There is a big difference between the Windows and DOS versions; the Windows version defaults to a 120x30 character display mode while the DOS version is 80x25, resulting in the Windows version having larger dungeons.
|Win32 Rogue and its extra wide dungeons|
I don't know which one is more authentic, but I'm sticking with DOS since Rogue is hard enough without having bigger dungeons. I suppose I could get even closer to Rogue’ing like it’s 1980 by getting the 3.6 source code and building/playing in a Unix or BSD environment, but the work/reward ratio seems unworth it.
Incidentally, there's even a z-machine version of Rogue. The fact that it even works is both a testament to the genius of Infocom's coders and to the madness of Roguelike fans.
For my playthrough, there’s the issue of how to deal with Rogue’s permadeath. My policy, which I formulated with Rogue in mind, has always been that savescumming is permissible, but to limit potential abuse, I limit myself to saving only after 30 minutes of earnest, uninterrupted play since my last restore or restart. Rogue, of course, lends its namesake to the category of Roguelikes and more recently Roguelites, games with the distinguishing feature that they do not permit you to restore games in order to undo your mistakes or misfortunes. Rogue wouldn’t be Rogue if you could just rewind the clock after every bad outcome until you finished the game with a series of perfect decisions and dice rolls from start to finish!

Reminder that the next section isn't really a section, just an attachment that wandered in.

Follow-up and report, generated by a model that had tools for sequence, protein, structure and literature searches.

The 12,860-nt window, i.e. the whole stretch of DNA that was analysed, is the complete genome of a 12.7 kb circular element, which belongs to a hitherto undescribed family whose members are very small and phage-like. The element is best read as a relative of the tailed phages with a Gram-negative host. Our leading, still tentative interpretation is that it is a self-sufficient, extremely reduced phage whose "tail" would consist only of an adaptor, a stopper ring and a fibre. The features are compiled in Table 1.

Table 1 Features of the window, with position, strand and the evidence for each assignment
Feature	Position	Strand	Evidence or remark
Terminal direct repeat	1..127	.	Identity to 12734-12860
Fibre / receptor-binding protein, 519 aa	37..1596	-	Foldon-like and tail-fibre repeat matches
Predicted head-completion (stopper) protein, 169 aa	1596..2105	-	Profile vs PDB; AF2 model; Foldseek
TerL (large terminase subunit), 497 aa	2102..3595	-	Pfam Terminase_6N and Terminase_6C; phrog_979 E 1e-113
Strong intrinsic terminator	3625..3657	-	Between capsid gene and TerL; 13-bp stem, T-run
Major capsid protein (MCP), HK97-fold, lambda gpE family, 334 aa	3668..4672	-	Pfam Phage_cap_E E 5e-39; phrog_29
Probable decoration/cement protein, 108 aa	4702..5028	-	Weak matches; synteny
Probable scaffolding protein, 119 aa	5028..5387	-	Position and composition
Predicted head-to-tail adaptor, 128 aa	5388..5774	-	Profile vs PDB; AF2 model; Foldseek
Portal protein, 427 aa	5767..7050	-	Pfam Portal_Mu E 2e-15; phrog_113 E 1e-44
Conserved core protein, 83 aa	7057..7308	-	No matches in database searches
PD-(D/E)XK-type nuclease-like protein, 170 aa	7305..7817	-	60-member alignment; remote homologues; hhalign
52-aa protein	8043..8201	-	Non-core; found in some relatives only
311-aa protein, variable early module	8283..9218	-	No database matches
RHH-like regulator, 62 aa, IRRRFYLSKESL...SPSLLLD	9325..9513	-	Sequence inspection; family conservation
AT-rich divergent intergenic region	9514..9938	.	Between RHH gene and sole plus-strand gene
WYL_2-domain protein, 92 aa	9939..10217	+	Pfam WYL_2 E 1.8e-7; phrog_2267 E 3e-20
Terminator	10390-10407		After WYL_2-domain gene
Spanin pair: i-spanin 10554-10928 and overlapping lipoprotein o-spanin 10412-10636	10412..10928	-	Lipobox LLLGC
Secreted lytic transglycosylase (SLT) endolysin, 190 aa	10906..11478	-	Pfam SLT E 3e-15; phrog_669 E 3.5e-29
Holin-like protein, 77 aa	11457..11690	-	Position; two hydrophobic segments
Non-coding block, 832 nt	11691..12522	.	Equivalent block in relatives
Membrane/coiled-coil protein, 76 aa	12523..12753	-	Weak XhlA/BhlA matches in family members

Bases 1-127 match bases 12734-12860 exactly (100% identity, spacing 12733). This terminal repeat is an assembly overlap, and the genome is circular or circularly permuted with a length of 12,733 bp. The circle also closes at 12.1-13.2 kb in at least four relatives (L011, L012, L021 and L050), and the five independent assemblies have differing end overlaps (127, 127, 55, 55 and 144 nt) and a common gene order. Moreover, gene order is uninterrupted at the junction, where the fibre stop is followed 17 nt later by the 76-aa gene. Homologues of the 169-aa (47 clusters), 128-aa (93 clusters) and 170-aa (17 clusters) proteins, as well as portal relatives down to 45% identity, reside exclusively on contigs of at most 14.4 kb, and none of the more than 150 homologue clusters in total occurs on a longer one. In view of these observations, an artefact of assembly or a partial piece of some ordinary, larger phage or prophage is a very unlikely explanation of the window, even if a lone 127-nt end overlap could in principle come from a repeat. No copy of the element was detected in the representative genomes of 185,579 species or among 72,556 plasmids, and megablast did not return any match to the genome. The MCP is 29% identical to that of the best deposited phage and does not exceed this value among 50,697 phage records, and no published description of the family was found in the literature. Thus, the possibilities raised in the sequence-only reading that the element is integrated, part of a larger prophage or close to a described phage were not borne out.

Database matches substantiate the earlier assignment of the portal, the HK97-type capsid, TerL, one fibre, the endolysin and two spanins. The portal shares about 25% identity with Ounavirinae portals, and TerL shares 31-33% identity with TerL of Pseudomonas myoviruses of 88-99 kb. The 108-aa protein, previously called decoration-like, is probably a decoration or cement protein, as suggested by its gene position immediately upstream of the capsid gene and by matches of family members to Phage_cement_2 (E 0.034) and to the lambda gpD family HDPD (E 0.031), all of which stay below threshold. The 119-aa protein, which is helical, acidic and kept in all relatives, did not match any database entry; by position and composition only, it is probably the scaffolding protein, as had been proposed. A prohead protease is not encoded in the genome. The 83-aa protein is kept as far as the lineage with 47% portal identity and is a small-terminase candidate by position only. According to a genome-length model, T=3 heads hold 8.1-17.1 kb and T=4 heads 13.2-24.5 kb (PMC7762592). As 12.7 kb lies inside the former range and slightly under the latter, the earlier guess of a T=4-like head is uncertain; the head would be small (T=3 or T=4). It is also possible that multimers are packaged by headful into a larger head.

I have beaten pedit5 and dnd without any sort of savescumming, but I had to. Those games, as with all PLATO games, can only be played online, with your save files hosted remotely, making it impossible to cheat the system by backing up your saves yourself. Beating them fairly was reasonable because pedit5 is short, and dnd is forgiving of cautious play. DND likewise is designed to remove your save file when you die, but I beat it within my own savescumming allowance, not having the patience to walk on eggshells through yet another early CRPG, not to mention having to deal with all of those horrible teleporters.
Rogue is neither short nor forgiving. Unlike dnd and DND, there is little opportunity to grind for better levels or gear, and doing so can even be hazardous to your health. I played Rogue long ago on my black & white Macintosh, and never came close to finishing it then, but I remember well enough that starving to death was a serious threat.
I don’t know if I can finish this game completely fairly, but I will try. Chester at CRPG Addict beat it fairly as his second RPG, but it took him 90 hours of play over four months. I can’t imagine devoting that kind of time to a game with less content than Baldur's Gate. I will play fairly for a minimum of 6 hours, and then if I’m not bored yet, continue playing fair until then. I expect I’ll be tired of replaying Rogue before beating it, in which case I’ll switch to my standard savescumming rules. I’d rather cheat in this manner than abandon the game unfinished.